A critic mixes his recent favorites.

Songs you've got to hear.
Jan. 13 2006 11:00 AM

The Songs in My Head

A critic mixes his recent favorites.

(Continued from Page 1)

The Norwegian My Bloody Valentine? Not exactly, but listen to this track from Serena Maneesh's self-titled full-length debut and you'll understand why folks are bound to employ that sort of shorthand. On the whole, the album emits a buzzed on midnight caffeine atmosphere, as though it were filtered through the Jesus and Mary Chain, Velvet Underground, and Spacemen 3. (It was actually recorded over six months between Oslo, New York City, Stockholm, and Chicago.) The main songwriter, 25-year-old Emil Nikolaisen, pens angelic harmonies before splintering them into a million sunspots. To create such a cacophony, he couldn't go it alone. On record, the band includes two of his peers, Sufjan Stevens and Daniel Smith of the Danielson Famile, as well as the regular Serena Maneesh lineup. One of the longer tracks, "Sapphire Eyes High," showcases the band's swirling, dynamic melodic tendencies.

Young People
Five Sunsets in Four Days EP (Too Pure, 2005) Listen to "Sudden Fear."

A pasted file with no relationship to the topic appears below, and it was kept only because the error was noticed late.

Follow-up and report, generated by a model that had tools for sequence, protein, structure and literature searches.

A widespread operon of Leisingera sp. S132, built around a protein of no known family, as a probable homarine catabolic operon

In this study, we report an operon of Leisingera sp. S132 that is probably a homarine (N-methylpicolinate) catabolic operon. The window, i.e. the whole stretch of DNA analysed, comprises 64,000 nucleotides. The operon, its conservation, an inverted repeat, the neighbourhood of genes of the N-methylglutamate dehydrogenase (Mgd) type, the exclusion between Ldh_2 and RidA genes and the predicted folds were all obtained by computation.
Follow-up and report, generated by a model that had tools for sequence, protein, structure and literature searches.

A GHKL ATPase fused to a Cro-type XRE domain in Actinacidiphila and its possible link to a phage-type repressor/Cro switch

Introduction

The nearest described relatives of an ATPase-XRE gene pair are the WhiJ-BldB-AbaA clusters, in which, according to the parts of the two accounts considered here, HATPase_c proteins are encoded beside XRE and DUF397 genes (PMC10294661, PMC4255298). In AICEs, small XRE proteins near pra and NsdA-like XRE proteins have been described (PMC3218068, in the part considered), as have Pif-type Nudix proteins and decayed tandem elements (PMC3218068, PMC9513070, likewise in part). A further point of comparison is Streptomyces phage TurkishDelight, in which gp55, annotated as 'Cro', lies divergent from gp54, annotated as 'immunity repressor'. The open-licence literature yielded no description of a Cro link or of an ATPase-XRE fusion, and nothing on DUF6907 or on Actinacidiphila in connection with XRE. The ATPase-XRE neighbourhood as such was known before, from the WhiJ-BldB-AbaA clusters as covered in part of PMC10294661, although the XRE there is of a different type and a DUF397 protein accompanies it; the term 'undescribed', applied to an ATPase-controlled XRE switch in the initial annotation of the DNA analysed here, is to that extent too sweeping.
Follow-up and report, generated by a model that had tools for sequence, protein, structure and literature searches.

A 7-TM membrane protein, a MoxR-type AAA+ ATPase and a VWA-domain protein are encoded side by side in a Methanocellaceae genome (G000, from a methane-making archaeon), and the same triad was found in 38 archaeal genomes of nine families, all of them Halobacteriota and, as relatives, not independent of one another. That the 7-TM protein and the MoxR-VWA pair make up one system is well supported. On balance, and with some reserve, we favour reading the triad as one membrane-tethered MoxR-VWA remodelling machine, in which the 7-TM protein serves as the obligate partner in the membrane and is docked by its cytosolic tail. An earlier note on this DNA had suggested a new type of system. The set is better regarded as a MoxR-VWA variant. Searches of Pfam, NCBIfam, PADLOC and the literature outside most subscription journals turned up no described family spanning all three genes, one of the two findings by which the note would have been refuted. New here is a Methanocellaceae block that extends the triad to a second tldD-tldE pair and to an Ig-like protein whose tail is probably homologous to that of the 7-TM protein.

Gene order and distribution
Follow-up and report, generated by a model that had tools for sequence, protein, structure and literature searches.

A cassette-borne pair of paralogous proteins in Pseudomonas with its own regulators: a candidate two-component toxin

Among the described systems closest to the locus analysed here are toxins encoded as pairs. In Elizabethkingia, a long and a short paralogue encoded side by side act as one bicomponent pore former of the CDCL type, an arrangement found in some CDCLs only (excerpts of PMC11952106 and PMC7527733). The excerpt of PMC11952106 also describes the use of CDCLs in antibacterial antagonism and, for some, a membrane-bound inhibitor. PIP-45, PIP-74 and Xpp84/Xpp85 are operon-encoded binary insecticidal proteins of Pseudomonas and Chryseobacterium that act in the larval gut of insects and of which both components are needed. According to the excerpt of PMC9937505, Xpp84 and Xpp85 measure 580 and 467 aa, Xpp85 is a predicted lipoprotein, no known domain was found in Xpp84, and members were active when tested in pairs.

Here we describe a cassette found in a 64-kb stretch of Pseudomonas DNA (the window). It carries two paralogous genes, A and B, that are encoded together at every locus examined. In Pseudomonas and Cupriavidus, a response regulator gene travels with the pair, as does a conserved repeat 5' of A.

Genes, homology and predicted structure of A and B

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Young People's 2003 album, War Prayers, was one of that year's overlooked indie gems. At the time, the band was a trio; since then, the group's whittled itself down to the bicoastal duo of Katie Eastburn (New York) and Jarrett Silberman *(Los Angeles). The remaining members are both multi-instrumentalists—only Katie sings, though, and her voice is Young People's biggest hook (think Björk and Cat Power in a downer Lars von Trier musical). She's also part of the dance troupe Leg & Pants Dans Theeatre and has curated the danced-based Starter Set DVD put out on the Olympia, Wash., label Kill Rock Stars. That performative backdrop finds its way into Young People's minimal but theatrical sound. The spare mix of voice, percussion, harmonica, and guitar in "Sudden Fear" is one of the group's patented fleeting fragments. Halfway certain pulses in its atmosphere are reminiscent of Roy Orbison's ghost. Mostly, though, it sounds like the lonesome, last-second finale to some skeletal stage production.

Correction, Jan. 12: The article originally and incorrectly identified Jarrett Silberman as Jarrett Rosenberg. (Return to the corrected sentence.)

Brandon Stosuy is a staff writer at Pitchfork and contributes book and music criticism to the Village Voice and the Believer.

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